nature's preservative

That Pitch Is No Curve Ball...
Where Do They Get Amber?

The story of amber obviously begins with pitch, or resin. And the story of resin focuses on trees which exude large quantities of the gooey stuff. In the temperate zone (defined), pines are some of the biggest producers (resin from pines is the source of turpentine).

But in the tropics the champion resin-producers are in the genus Hymenaea. These leguminous, flowering trees pump out astonishing quantities of the sticky stuff, probably as a defense against the many species of insects living in tropical forests.

termite in amber Termites have a better fossil record than most other insects. They are found in amber, as shown here, or in petrified wood, which may contain traces of their nests and galleries. Photograph by Laurie Minor-Penland.
Courtesy National Museum of Natural History, Smithsonian Institution.

"We have good evidence that, under many circumstances, resin produces defensive compounds," says Jean Langenheim, emeritus professor of biology at University of California at Santa Cruz, and a pioneer in the study of resin and amber. "In the case of bark beetles, there are excellent studies showing how resin defeats them. But the beetles are evolving. They can change."

Only a few pieces of ancient amber actually bear evidence of life. Baltic amber -- which ranges from 35 to 50 million years old, was long considered the cream of the crop because 1 piece in 500 contained insects or other remains.

Now, the emphasis on amber has shifted to the Dominican Republic (which shares the island of Hispaniola with Haiti). Dominican amber is slightly younger (from 25- to 40-million years old), but about one piece in 100 contains an interesting relic.

Once in a while -- probably too often for the insects concerned -- a little arthropod (defined) will get stuck in the natural flypaper called resin. (Insects that spend a lot of time around trees -- including borers and termites -- are most likely to suffer this slow death by en-goo-ment, but amber can also trap other fascinating remains -- like feathers, lizards, flowers and leaves.)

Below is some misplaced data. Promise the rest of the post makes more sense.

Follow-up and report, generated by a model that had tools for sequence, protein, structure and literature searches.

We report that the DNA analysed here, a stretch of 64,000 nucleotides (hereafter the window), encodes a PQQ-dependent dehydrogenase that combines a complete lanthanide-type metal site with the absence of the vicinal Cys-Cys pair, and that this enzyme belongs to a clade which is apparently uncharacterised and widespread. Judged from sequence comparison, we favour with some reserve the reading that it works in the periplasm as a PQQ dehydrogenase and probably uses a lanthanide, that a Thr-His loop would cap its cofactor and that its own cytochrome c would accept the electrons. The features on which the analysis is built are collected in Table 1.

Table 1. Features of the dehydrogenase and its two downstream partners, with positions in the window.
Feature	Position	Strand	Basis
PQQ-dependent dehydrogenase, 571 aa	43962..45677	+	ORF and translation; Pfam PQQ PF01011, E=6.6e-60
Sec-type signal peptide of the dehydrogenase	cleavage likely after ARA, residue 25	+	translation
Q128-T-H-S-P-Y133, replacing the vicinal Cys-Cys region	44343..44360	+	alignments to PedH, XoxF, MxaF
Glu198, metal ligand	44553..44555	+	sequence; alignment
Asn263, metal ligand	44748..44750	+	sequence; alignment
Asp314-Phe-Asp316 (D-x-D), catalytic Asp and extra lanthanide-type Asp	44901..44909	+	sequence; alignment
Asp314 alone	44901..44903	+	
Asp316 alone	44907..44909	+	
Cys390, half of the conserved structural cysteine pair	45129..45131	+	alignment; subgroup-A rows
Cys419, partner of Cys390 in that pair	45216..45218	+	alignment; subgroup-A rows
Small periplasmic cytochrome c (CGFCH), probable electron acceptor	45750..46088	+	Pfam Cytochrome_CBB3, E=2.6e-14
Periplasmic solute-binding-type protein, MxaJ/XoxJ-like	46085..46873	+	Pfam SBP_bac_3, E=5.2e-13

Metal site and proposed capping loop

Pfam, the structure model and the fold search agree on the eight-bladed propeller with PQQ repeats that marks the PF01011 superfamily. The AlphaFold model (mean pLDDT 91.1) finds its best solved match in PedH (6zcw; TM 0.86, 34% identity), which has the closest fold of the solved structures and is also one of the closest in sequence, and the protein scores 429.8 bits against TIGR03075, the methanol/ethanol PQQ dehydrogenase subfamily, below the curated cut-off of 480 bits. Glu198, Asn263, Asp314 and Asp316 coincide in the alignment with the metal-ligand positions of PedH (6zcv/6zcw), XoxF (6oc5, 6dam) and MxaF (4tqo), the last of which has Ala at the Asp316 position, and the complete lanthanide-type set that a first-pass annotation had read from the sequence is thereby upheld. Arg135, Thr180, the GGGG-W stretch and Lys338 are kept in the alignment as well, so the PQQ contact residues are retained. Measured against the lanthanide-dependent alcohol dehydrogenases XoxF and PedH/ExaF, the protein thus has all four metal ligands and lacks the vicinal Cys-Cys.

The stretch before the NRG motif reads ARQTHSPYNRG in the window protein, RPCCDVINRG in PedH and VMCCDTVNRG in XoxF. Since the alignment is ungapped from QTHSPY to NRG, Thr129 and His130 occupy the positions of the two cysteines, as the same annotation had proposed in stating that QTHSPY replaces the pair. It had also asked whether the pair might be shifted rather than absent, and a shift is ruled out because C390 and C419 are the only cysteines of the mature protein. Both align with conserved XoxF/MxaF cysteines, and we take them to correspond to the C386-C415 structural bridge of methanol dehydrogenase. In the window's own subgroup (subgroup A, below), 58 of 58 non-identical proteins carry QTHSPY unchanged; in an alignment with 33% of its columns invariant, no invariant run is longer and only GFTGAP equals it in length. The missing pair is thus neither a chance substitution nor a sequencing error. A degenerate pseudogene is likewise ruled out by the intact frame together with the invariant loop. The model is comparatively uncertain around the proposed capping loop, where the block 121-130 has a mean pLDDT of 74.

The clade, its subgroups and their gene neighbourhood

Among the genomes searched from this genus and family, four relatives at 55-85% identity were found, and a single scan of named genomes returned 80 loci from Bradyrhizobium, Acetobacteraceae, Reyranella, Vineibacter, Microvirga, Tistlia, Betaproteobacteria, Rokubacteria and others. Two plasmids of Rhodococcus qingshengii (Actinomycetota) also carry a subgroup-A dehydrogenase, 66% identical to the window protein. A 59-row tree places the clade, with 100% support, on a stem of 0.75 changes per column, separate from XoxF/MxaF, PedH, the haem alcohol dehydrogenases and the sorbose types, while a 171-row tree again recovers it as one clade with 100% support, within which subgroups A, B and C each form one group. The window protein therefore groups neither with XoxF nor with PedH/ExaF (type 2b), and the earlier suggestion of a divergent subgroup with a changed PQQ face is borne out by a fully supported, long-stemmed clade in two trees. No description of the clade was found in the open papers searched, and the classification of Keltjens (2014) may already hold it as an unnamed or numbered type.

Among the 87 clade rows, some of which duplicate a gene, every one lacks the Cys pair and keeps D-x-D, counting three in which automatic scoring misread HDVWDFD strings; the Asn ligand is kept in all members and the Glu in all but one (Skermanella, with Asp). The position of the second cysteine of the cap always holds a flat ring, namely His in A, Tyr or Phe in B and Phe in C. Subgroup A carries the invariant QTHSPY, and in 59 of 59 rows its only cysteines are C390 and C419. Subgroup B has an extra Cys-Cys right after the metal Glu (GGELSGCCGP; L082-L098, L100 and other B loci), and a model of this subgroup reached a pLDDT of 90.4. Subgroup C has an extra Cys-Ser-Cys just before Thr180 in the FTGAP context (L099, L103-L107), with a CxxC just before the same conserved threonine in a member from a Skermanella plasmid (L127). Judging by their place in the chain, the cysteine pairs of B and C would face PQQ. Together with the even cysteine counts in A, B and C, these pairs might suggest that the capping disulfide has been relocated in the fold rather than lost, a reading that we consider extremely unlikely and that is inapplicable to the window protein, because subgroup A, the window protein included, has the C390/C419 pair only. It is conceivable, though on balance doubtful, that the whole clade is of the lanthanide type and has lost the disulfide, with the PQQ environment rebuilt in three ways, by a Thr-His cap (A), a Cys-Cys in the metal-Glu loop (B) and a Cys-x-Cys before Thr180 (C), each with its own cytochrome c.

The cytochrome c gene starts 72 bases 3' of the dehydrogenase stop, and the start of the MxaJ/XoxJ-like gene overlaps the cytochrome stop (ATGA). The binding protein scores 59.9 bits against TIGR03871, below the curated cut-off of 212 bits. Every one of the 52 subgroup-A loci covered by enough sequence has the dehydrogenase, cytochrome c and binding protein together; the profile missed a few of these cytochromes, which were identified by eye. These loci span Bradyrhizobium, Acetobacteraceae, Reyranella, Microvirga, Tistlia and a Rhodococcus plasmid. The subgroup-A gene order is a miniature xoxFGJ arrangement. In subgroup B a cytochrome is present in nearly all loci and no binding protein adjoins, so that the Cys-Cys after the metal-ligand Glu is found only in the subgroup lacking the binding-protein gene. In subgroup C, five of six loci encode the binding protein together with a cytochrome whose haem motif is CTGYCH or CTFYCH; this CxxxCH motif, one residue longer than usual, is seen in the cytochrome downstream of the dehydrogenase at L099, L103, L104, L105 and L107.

The Intricate Dance of Trees, Resin and Insects

leaf in amber

The leaf and flower of an ancient Hymenaea
tree, preserved in its own resin. Members of
the Hymenaea family still live in the tropics,
and produce large amounts of resin. Photograph
by Laurie Minor-Penland.

Courtesy National Museum of Natural History, Smithsonian Institution.

It's old news that resin seals wounds and gums up the works in boring and sucking insects. This is how it works: resin oozes from wounds, and the volatile (easily-evaporated) portion vaporizes into the air. The non-volatile portion that's left (which would eventually harden into amber) seals the wound and allows the tree to heal.

Scientists have long known that resin repels insects, but as experts the new field of chemical ecology (defined) have looked deeper into the subject, they've discovered a far more complex interaction.

Jean Langenheim, emeritus professor of chemical ecology at University of California at Santa Cruz, has studied resin and amber for most of her career ("I was kind of like an insect -- I got caught up in amber," she explains).

She notes that resin contains 30 to 40 compounds, some of which can:

Repels insects and in some cases attracts them.
Why would resin attract insects? Because insects and trees are locked in an evolutionary struggle, and the insects apparently evolved to understand the scent of resin as a signal saying "Breeding grounds here," or "Eat Me."

Attracts parasites of herbivorous insects that chew on the plant
(this serves the plant's and parasite's purposes at the expense of the herbivore); and

Contains chemicals that kills pathogenic fungi carried by bark beetles.
Often, fungi are the real villain (again, from the tree's point of view) and the main problem with bark beetles is that they carry fungi. (How does the tree "know" when to make this specialized resin? Apparently it's responding to some signal from the fungus to make this disease-fighting resin.)

How long have scientists been using biological matter trapped in amber?

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